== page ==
A High Court judge launched an outspoken attack on Mohamed Al Fayed yesterday accusing the Harrods boss of "discreditable" conduct in his libel battle with the former Conservative minister and ex-Tatton MP, Neil Hamilton.
Mr Justice Morland said Mr Al Fayed had "misused" the court by going into the witness box "to make speeches and utterly scandalous allegations".
He also criticised Mr Al Fayed for obtaining stolen documents from Mr Hamilton's dustbins. This, said the judge, was one of the reasons he had refused Mr Al Fayed's application to make Mr Hamilton's financial backers in the case pay his £1.3m legal bill incurred during his libel victory over the former MP nearly two years ago.
The judge, who presided over the now famous trial dubbed "Liar v Liar", said yesterday that it would not be just or reasonable for Mr Al Fayed to recover his legal costs from eight of the former MP's financial backers.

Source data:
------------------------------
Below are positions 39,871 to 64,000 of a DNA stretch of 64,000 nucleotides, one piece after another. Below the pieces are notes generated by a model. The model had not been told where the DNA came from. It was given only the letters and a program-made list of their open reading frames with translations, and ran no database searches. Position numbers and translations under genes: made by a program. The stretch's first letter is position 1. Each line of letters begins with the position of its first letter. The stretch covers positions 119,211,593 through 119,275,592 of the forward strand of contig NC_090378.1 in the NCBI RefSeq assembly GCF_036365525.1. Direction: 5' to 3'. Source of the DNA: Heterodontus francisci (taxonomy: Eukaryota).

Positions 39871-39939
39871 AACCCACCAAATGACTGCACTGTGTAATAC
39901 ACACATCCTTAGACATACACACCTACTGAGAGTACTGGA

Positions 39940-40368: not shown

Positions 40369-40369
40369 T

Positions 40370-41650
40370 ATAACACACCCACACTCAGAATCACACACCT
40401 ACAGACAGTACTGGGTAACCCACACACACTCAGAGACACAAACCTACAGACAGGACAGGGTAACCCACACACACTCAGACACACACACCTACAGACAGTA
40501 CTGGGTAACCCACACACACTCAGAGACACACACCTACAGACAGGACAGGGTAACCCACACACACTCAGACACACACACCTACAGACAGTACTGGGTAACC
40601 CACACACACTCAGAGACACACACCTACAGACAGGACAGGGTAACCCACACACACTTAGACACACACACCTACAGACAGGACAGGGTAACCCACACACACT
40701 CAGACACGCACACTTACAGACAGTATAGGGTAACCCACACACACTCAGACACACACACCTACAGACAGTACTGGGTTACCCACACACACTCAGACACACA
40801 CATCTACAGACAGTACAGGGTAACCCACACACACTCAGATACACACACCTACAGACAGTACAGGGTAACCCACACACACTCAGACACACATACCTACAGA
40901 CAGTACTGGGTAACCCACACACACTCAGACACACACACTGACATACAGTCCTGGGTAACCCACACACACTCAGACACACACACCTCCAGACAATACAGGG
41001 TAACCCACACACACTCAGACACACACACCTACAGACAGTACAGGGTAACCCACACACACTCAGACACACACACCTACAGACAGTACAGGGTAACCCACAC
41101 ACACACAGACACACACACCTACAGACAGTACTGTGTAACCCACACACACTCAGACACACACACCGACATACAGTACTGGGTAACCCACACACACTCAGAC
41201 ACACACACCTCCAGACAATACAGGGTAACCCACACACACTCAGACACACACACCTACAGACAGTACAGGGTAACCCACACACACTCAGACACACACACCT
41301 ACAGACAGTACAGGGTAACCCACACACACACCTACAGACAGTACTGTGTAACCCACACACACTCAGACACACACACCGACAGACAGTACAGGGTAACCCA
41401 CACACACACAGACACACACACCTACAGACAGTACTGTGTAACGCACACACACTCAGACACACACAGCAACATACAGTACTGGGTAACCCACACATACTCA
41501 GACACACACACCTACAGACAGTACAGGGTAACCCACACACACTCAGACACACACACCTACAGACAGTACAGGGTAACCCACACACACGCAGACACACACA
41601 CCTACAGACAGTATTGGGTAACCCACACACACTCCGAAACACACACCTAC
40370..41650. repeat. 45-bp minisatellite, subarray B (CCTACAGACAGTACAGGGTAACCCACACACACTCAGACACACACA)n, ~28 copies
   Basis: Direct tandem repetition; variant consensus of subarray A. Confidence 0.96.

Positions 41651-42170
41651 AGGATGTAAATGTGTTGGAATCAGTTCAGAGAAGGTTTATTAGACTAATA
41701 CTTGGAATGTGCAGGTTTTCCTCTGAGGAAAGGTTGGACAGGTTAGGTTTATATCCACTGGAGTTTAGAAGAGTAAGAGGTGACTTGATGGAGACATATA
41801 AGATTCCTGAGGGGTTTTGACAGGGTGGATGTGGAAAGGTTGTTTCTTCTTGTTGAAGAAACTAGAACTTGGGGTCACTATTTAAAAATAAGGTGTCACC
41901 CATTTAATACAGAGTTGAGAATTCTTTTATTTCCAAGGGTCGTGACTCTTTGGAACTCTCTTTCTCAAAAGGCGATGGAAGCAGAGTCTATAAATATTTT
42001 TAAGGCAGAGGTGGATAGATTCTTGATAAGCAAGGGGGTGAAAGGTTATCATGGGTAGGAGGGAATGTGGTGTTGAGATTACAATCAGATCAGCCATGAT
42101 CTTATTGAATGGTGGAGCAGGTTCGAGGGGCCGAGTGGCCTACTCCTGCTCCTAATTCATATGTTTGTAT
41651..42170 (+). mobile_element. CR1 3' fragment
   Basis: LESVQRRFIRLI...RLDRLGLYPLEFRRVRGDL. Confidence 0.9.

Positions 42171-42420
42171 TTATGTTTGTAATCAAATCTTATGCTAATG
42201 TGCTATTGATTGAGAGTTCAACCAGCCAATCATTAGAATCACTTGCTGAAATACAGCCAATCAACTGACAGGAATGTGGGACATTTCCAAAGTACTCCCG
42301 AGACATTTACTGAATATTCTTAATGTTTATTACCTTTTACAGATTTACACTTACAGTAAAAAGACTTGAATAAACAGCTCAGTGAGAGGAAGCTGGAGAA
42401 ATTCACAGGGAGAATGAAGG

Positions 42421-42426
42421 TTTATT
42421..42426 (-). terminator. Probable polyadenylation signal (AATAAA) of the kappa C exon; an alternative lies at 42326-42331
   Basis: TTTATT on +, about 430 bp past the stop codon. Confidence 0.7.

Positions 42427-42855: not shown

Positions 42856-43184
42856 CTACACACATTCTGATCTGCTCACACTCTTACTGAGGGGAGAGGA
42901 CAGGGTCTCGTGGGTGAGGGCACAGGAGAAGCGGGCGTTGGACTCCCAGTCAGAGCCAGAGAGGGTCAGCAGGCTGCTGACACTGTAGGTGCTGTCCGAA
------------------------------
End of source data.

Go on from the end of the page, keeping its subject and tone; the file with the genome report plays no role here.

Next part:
Now the Fulham Football Club chairman will have to pay an additional £100,000 to the eight backers who supported Mr Hamilton and who include the Duke of Devonshire, Lord Hanson, the Earl of Portsmouth and Taki Theodoracopulos.
At the close of the hearing last month, the judge said: "Having considered carefully the arguments on both sides and reflected on them, I have come to the conclusion that it would be unjust and unreasonable to make any orders for costs in favour of Mr Al Fayed against any of the respondents."
Yesterday, he said that he had used his discretion to dismiss the application because he considered none of the backers to be "professional funders".
He said their donations were not made to Mr Hamilton as the result of any obligation owed to him but as an act of charity through sympathy with his predicament and in some instances affinity to the Conservative Party.
They had no control over how their donation was spent and had no part in the management of the litigation up to and including the trial. If Mr Hamilton was successful, their only expectation was a return of their contributions.
"It would be rare," said the judge, "that it would be just and reasonable to make a costs order against a pure funder. But a blanket immunity for charitable donors acting out of sympathy for the impecunious litigant and a sense of fair play would be contrary to the public interest and the overall interests of justice."
A spokesman for Mr Al Fayed said he would be considering an appeal.Reuse content